Blogs from Wise Owl on VBA tutorial in Writing VBA (page 1 of 2)

Showing blogs 1-20 (out of 37)

How to create autoshapes, lines and connectors in VBA macros

Posted by Andy Brown on 25 January 2014

You can use Visual Basic within Excel, PowerPoint or Word to draw shapes, format them and even assign macros to run - this long blog gives lots of ideas of how to proceed!

Tags:   VBA macros | General    |    Writing VBA | VBA tutorial

Write a macro in VBA to fill in an IE form (Internet Explorer)

Posted by Andy Brown on 02 November 2012

You can use VBA to talk to Internet Explorer, providing that you understand the structure of the web page you're talking to. This blog shows how to do this!

Tags:   VBA macros | References    |    Writing VBA | VBA tutorial

Capture Excel application events - event sinks

Posted by Andy Brown on 06 March 2012

It's not for the faint-hearted, but there is a way to capture application events (such as someone trying to create a new workbook) in Excel, using something called an event sink.  This blog explains how you might go about creating an event sink.

Tags:   VBA macros | Classes    |    Writing VBA | VBA tutorial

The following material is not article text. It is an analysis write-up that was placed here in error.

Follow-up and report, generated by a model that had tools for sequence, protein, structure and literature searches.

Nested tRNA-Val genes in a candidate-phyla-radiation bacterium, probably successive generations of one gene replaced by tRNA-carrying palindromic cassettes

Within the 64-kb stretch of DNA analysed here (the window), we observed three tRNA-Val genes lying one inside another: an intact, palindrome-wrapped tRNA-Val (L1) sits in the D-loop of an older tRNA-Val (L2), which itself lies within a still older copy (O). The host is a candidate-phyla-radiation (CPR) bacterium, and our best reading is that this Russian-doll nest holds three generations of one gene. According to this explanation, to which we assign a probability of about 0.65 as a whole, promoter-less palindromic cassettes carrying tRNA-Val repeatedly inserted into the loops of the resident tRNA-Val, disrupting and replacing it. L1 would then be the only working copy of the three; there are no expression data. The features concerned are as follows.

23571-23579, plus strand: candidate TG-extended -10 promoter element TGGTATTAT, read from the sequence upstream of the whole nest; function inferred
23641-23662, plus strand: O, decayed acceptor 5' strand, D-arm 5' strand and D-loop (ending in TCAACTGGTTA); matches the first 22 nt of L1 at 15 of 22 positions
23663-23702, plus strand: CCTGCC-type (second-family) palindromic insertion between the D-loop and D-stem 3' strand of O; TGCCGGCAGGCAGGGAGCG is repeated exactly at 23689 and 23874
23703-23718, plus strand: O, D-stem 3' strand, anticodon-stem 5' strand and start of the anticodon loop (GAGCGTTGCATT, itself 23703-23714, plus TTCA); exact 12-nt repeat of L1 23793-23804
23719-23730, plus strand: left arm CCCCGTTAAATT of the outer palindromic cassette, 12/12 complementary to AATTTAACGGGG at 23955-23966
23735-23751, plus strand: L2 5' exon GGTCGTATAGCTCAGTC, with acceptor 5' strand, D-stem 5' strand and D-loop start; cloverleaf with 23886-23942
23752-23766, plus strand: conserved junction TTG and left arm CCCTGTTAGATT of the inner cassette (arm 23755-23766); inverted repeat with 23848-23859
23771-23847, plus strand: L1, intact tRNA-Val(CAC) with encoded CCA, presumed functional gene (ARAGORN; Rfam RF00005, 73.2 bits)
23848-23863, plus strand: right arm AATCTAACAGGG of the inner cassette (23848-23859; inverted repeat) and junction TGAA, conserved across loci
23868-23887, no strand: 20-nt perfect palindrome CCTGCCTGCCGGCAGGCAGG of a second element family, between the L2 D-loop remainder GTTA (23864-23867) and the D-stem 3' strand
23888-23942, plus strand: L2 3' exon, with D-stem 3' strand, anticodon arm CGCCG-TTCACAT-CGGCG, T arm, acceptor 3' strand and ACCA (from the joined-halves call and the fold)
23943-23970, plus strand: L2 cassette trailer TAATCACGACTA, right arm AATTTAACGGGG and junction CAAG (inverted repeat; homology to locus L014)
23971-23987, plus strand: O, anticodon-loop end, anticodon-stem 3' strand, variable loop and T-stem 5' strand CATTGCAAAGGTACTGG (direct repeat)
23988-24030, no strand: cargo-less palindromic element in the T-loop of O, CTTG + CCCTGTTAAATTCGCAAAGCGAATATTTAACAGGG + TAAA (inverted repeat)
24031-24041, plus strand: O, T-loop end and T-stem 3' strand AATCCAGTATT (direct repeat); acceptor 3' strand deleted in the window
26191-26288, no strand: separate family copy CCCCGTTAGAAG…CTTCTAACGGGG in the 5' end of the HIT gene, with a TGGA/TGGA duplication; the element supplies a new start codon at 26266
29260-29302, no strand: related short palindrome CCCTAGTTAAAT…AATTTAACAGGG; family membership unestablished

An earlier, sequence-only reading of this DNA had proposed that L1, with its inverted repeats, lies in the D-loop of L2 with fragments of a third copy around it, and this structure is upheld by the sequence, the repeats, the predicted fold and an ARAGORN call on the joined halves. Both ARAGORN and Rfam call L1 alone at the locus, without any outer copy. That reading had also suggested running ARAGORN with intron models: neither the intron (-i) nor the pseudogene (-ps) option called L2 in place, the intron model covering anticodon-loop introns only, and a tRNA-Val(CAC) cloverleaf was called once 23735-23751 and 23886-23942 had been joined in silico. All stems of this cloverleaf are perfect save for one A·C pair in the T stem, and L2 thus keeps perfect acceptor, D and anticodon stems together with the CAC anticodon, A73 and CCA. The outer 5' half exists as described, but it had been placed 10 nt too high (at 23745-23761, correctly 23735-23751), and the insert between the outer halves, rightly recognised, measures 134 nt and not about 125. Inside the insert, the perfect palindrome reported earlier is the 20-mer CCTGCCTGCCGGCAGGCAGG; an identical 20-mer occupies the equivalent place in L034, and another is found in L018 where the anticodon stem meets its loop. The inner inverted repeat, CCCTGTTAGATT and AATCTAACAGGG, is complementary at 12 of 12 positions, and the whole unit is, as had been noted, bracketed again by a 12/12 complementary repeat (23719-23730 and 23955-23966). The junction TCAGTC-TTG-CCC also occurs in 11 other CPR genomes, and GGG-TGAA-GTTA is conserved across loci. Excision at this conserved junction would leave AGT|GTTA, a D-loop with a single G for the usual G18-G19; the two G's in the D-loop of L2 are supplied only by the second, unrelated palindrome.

Collections of class object using Excel VBA

Posted by Andy Brown on 05 March 2012

If you've learnt how to create your own objects using classes in Excel VBA, the next step is to learn how to group them together into collections. This on-line tutorial will show you how.

Tags:   VBA macros | Classes    |    Writing VBA | VBA tutorial

Creating classes in VBA - class modules

Posted by Andy Brown on 05 March 2012

Those who want to add spice to their VBA programming can learn how to create classes, or class modules, and become object-orientated programmers.  It's difficult, but fun - and this multi-part blog will guide you along the way.

Tags:   VBA macros | Classes    |    Writing VBA | VBA tutorial

Using Excel Add-Ins to Share VBA Code

Posted by Andy Brown on 05 March 2012

If you've written a killer function, you'll want to be able to share it between workbooks. The best way to do this is using an add-in.